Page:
Why it is that certain months have multiple birthstones while others are assigned only one is a somewhat complicated question: According to the powers that be (that is, the Jewelers of America), additions are tacked on to their official list in order to “[recognize] the importance of historically significant gemstones and [give] gemstone lovers a choice that suits their preferences.” It also can’t hurt that giving a stone special significance for 1/12th of the population gives it a good shot at a sales boost.
August, which (eek!) kicks off today, has three birthstones, depending on whom you consult: peridot, sardonyx, and spinel. Peridot, the most commonly recognized of the three, is a brilliant green stone formed deep beneath the earth’s crust in the upper mantle, similar to diamonds. It’s brought to the earth’s surface through volcanoes or tectonic plate shifts and is mined in Saint John’s Island off the coast of Egypt, Australia, Myanmar, and locally in Arizona, Hawaii, and New Mexico. Its name derives from the Arabic word for gem, faridat, and it’s said to have healing properties that can rid the wearer of nightmares, increase strength, and ward off anxiety.
Sardonyx, meanwhile, is a form of onyx known for its reddish-brown hue banded with white. It’s a popular choice for cameos (so fans of vintage jewelry would be wise to look on Etsy and eBay for antique pieces) and was carried into battle by ancient Greeks and Romans in the form of heroic talismans with carved images of Mars and Hercules.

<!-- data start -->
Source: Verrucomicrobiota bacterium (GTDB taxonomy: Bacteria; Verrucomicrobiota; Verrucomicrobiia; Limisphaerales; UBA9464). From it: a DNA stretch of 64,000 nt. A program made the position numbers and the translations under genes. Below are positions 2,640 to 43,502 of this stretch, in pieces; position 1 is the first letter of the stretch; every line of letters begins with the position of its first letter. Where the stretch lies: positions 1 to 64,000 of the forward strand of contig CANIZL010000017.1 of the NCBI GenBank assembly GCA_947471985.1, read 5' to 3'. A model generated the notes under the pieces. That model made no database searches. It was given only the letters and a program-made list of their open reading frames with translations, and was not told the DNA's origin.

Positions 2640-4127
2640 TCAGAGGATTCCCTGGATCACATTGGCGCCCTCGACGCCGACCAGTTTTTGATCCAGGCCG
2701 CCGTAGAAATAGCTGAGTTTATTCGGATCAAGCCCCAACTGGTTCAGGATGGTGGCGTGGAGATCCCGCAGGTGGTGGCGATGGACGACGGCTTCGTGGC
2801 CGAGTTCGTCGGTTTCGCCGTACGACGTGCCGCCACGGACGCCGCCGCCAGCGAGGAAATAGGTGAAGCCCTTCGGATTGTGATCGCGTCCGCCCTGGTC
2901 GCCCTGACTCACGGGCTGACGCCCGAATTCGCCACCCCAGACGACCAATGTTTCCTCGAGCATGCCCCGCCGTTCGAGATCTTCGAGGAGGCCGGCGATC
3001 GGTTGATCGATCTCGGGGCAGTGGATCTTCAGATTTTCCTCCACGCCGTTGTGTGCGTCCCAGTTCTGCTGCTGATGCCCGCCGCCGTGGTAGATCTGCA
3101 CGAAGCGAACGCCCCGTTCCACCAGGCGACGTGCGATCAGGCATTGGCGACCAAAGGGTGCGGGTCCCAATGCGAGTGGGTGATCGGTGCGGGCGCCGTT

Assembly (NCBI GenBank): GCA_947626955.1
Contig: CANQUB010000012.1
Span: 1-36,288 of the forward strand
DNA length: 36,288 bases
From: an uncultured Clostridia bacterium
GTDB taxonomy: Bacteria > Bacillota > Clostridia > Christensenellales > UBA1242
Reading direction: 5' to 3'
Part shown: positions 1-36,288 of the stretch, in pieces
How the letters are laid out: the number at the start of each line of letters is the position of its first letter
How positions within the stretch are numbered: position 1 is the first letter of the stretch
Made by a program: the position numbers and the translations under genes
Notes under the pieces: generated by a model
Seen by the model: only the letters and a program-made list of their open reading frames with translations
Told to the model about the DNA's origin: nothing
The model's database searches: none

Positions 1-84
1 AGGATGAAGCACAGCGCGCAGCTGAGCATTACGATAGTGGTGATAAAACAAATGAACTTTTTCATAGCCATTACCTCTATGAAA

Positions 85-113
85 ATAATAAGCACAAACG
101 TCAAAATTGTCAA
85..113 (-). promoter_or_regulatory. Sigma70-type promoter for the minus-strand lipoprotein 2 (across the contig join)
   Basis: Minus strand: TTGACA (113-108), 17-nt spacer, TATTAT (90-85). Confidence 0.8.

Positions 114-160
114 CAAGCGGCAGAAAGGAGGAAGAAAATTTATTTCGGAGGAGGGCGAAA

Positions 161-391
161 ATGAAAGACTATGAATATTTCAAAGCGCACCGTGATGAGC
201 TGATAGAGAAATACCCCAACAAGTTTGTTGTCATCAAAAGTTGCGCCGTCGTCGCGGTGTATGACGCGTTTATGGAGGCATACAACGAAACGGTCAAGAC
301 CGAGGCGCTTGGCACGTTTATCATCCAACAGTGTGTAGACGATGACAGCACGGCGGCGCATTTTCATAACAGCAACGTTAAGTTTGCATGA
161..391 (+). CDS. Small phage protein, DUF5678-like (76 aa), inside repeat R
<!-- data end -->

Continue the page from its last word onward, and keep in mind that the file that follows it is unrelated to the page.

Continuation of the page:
Just this year, Jewelers of America announced that spinel, too, would be recognized as an official August birthstone. “Ancient gemstone merchants revered spinel, and it was widely sought after by royalty,” said American Gem Trade Association CEO Doug Hucker. “It was then known as ‘balas ruby.’ It wasn’t until the late 18th century that we developed the technology acumen necessary to distinguish spinel as a separate mineral from ruby.”
Despite the ruby association, spinel isn’t only found in red hues: You’ll find black, pink, purple, and orange varieties of the mineral as well, in a wide range of cuts, thanks to its relative hardness compared to other semiprecious stones.
Ahead, shop necklaces, rings, bracelets, and more featuring each of the three gems (starting at just $68, too!), and click here for our guide to July’s birthstone, ruby.